1 Planning Services for Persons with Developmental Disabilities and Mental Health Diagnoses
2 Persons with Intellectual Disabilities (ID) have mental disorders three to four times more frequently than do persons in the general population. The rate of mental disorders for persons with ID ranges from about 30% to 40%. This population is one of the most underserved in our nation.
3 In the past, practice focused on the primary diagnosis. The determination of primary diagnosis often implied what service system would serve the individual. Manolascino and others proposed the concept of dual diagnosis, meaning that the conditions co-exist, possibly with mutual impact on the person s well-being and functioning.
4 Vulnerabilities for mental disorders include: Genetic factors Environmental factors Interaction of genetic and environmental factors
5 Mental Disorders are described using the Diagnostic and Statistical Manual of Mental Disorders IV-TR Insurance companies (Medicaid) use the International Classification of Disease (9 or 10)
6 Axis I of the DSM IV- TR refers to the principle psychiatric disorder. Axis II, indicates the personality disorder that may be shaping the current response to the Axis I problem. Axis II also indicates any developmental disorders, such as an intellectual or a learning disability.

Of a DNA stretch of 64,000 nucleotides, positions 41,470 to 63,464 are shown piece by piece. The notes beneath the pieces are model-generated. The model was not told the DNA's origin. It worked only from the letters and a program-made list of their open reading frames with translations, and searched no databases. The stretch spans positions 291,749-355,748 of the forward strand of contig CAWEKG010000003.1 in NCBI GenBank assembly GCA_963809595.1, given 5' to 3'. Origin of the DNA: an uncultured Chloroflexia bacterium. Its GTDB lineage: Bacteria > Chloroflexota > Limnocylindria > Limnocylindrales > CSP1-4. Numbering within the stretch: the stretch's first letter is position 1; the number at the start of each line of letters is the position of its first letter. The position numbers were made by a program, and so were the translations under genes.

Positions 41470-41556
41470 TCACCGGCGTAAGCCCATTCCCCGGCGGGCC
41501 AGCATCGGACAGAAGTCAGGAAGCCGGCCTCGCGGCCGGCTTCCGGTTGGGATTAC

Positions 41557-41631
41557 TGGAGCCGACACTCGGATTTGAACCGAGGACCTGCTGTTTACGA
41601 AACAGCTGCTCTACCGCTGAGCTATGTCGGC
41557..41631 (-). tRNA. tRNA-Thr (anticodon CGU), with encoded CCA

7 Axis III lists any medical or neurological problems that may be relevant to the individual's current or past psychiatric problems. For example, someone with severe asthma may experience respiratory symptoms that may precipitate a panic attack. Axis IV codes the major psychosocial stressors the individual has faced recently; e.g., recent divorce, death of spouse, job loss, etc.
8 Axis V codes the "level of function" the individual has attained at the time of assessment. This is coded on a scale, with 100 being nearly "perfect" functioning (not quite sure who scores a 100).
9 Anxiety Disorders are the most common type of mental disorders in the general population and with people with ID. An Anxiety Disorder diagnosis is used when the person s anxious response is greater than what would be expected under the circumstances.
11 A Mood Disorders diagnosis is used when people have the inability to control their emotions. These can impact eating behaviors, sleeping patterns, concentration, management of time and money, and memory.